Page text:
This type of lotus root is also great for quick vegetable stir-fries. The dish with the poetic name of “lotus pond stir-fry” is a classic recipe for quickly sautéing sliced ​​lotus roots, carrots, snow peas, yams and black mushrooms, a visually pleasing dish which looks like a garden on a plate.

Beautiful and delicious lotus: culinary splendor of the lotus plant

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The “Lotus Garden” stir-fry

Crunchy textured vegetables like lotus root (and water chestnuts) can be added to ground meats to enhance the flavor and texture of meatballs and meatball toppings.

The lotus root itself also makes excellent vegan “meatballs” – grate the vegetable into thin strips, squeeze the moisture through gauze (save the juice for later use) and season with salt, five-spice and pepper powders.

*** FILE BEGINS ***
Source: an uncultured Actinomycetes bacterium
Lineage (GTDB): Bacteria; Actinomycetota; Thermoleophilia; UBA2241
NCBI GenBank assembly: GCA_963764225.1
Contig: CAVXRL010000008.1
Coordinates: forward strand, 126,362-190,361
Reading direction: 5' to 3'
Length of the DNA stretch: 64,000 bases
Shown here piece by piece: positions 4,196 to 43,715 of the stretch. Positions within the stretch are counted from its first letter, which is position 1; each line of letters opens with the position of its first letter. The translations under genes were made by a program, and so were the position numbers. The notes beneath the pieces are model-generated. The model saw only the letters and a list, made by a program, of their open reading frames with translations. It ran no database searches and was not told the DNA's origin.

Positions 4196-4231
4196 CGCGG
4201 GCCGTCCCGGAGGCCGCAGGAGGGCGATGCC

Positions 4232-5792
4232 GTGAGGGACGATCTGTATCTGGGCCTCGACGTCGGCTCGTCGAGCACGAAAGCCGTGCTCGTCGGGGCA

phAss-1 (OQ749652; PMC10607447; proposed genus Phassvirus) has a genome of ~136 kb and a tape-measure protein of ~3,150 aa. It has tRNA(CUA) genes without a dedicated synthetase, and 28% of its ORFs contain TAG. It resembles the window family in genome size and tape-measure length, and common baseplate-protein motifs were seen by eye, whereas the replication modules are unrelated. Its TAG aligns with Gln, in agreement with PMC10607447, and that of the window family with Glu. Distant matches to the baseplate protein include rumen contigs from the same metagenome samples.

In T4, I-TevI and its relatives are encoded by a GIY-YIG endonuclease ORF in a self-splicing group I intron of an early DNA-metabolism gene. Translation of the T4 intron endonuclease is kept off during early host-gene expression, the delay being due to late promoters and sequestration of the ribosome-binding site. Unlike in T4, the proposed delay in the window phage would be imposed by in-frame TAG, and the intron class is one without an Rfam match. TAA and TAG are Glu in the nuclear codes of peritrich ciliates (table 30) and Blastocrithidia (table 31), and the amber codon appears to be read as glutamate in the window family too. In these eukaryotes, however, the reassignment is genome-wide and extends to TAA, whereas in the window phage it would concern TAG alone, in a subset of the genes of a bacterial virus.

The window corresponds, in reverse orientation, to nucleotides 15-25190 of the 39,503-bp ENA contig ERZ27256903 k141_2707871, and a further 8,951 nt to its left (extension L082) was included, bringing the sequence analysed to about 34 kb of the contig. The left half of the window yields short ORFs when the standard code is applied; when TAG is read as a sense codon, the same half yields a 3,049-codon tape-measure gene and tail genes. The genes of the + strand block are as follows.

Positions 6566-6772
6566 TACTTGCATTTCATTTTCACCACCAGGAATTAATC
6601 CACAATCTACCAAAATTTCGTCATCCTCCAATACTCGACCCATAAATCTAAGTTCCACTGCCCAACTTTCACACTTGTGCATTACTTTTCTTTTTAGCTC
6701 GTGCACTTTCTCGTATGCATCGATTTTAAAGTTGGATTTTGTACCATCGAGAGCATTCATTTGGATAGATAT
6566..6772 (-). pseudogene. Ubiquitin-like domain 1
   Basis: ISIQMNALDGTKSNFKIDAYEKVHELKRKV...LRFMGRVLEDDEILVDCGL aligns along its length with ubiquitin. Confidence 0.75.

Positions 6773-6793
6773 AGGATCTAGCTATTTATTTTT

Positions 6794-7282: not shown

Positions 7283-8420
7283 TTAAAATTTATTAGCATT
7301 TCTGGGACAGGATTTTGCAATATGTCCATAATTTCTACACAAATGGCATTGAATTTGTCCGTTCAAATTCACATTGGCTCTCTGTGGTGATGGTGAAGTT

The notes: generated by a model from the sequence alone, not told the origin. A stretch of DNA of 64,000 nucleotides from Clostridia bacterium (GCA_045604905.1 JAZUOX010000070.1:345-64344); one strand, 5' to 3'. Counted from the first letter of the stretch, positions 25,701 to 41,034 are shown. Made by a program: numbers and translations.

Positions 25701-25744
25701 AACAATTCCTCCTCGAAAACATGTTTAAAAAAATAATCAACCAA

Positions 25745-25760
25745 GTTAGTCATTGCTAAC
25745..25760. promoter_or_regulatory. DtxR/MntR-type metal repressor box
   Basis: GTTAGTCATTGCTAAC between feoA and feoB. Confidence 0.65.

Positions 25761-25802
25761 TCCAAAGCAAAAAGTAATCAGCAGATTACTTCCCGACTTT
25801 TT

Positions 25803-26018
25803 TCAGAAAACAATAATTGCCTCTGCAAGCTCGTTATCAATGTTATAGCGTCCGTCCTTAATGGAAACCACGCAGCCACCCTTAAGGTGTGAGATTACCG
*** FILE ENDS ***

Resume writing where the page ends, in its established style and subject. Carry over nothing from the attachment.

Heat the lotus root juice in a small saucepan over low heat until the texture thickens, then pour it over the lotus root shreds and mix a little flour well, giving the mixture the necessary stickiness. to form the balls, which are then fried.

Lotus balls can be enjoyed piping hot with a dip or seasoned chili powder, or cooked in quick soups with other vegetables.

Starchy lotus root, on the other hand, is best suited for cooking in soups. Lotus root and pork rib soup is an all-time classic, requiring minimal salt and ginger seasoning.

The key is to enjoy the original flavors of lotus root and protein, as the large chunks of lotus root soak up the rich broth fully.

Chunks of fresh corn or peanuts can also be added to the soup, which will give it a more natural sweetness.

Beautiful and delicious lotus: culinary splendor of the lotus plant

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Lotus root soup with pork chops

On the sweet side, lotus root stuffed with sticky rice is an all-time favorite. Using the starchy variety of the lotus root, select the whole segments with regular holes and cut off one side of the cap, then stuff the sticky rice that has been soaked in water overnight into the holes until ‘they are filled. Put the cap back on and secure it with a few toothpicks.